Glenn, J.M., Gray, M., Wethington, L.N. et al. Acute citrulline malate supplementation improves upper- and lower-body submaximal weightlifting exercise performance in resistance-trained females. Eur J Nutr 56, 775–784 (2017). doi.org/10.1007/s00394-015-1124-6

Martínez-Sánchez A., Ramos-Campo D. J., Fernández-Lobato B., Rubio-Arias J. A., Alacid F., & Aguayo E. (2017). Biochemical, physiological, and performance response of a functional watermelon juice enriched in L-citrulline during a half-marathon race. Food & Nutrition Research, 61. Retrieved from foodandnutritionresearch.net/index.php/fnr/article/view/1203

Naz, Ambreen, et al. “Watermelon lycopene and allied health claims.” EXCLI journal vol. 13 650-60. 3 Jun. 2014

Panche, A N et al. “Flavonoids: an overview.” Journal of nutritional science vol. 5 e47. 29 Dec. 2016, doi:10.1017/jns.2016.41

Volino-Souza, Mônica et al. “Current Evidence of Watermelon (Citrullus lanatus) Ingestion on Vascular Health: A Food Science and Technology Perspective.” Nutrients vol. 14,14 2913. 15 Jul. 2022, doi:10.3390/nu14142913

Post Disclaimer

Professional Scope of Practice *

The information herein on "Watermelon Nutrition: EP Wellness and Functional Clinic" is not intended to replace a one-on-one relationship with a qualified health care professional or licensed physician and is not medical advice. We encourage you to make healthcare decisions based on your research and partnership with a qualified healthcare professional.

Blog Information & Scope Discussions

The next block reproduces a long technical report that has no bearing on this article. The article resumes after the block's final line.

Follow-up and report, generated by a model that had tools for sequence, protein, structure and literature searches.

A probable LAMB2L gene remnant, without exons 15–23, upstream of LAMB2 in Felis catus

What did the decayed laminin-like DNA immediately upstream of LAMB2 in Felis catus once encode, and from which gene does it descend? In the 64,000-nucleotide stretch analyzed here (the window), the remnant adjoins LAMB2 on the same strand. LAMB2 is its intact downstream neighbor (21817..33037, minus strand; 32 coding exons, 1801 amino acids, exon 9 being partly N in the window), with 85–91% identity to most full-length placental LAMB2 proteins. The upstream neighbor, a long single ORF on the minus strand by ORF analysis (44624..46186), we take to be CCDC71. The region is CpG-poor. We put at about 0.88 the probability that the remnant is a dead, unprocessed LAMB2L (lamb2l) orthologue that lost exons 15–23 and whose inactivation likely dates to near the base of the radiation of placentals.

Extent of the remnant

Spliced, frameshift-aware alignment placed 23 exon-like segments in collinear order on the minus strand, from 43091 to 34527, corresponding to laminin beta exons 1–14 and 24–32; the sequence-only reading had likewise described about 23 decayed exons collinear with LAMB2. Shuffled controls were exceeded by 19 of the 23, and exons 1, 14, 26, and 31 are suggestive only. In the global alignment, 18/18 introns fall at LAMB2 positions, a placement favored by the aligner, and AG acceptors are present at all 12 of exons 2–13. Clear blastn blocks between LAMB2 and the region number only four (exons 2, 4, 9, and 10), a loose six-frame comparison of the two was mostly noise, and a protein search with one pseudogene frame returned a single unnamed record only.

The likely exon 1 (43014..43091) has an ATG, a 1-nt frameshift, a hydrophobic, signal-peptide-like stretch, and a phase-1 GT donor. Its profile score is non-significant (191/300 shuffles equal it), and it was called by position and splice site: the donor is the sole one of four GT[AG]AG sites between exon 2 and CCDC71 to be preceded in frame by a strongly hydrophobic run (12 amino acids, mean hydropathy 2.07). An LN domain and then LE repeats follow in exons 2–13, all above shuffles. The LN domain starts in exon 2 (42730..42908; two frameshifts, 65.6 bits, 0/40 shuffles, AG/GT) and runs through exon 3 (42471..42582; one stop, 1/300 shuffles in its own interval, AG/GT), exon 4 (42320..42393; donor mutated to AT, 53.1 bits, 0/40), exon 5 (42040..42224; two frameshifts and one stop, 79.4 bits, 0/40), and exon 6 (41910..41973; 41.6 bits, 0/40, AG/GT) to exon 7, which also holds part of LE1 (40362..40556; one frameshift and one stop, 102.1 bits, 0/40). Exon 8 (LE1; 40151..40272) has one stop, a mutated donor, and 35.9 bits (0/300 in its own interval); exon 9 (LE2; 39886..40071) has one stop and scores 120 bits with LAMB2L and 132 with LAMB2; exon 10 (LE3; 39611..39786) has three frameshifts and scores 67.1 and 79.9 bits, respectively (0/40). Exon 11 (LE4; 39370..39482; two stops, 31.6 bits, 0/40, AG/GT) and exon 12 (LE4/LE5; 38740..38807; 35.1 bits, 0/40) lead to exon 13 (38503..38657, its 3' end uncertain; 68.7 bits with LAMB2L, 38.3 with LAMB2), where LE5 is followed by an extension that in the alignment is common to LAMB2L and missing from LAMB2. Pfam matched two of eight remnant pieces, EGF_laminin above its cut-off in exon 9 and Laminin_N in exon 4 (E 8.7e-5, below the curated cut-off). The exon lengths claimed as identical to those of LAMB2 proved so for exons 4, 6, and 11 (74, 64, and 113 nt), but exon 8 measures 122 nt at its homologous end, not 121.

Our information scope is limited to Chiropractic, musculoskeletal, physical medicines, wellness, contributing etiological viscerosomatic disturbances within clinical presentations, associated somatovisceral reflex clinical dynamics, subluxation complexes, sensitive health issues, and/or functional medicine articles, topics, and discussions.

We provide and present clinical collaboration with specialists from various disciplines. Each specialist is governed by their professional scope of practice and their jurisdiction of licensure. We use functional health & wellness protocols to treat and support care for the injuries or disorders of the musculoskeletal system.

Our videos, posts, topics, subjects, and insights cover clinical matters, issues, and topics that relate to and directly or indirectly support our clinical scope of practice.*

Our office has reasonably attempted to provide supportive citations and has identified the relevant research study or studies supporting our posts. We provide copies of supporting research studies available to regulatory boards and the public upon request.

We understand that we cover matters that require an additional explanation of how it may assist in a particular care plan or treatment protocol; therefore, to further discuss the subject matter above, please feel free to ask Dr. Alex Jimenez, DC, or contact us at 915-850-0900.

We are here to help you and your family.


Dr. Alex Jimenez DC, MSACP, RN*, CCST, IFMCP*, CIFM*, ATN*

email: coach@elpasofunctionalmedicine.com

Licensed as a Doctor of Chiropractic (DC) in Texas & New Mexico*
Texas DC License # TX5807, New Mexico DC License # NM-DC2182

Licensed as a Registered Nurse (RN*) in Florida
Florida License RN License # RN9617241 (Control No. 3558029)
License Compact Status: Multi-State License: Authorized to Practice in 40 States*
Presently Matriculated: ICHS: MSN* FNP (Family Nurse Practitioner Program)

Dr. Alex Jimenez DC, MSACP, RN* CIFM*, IFMCP*, ATN*, CCST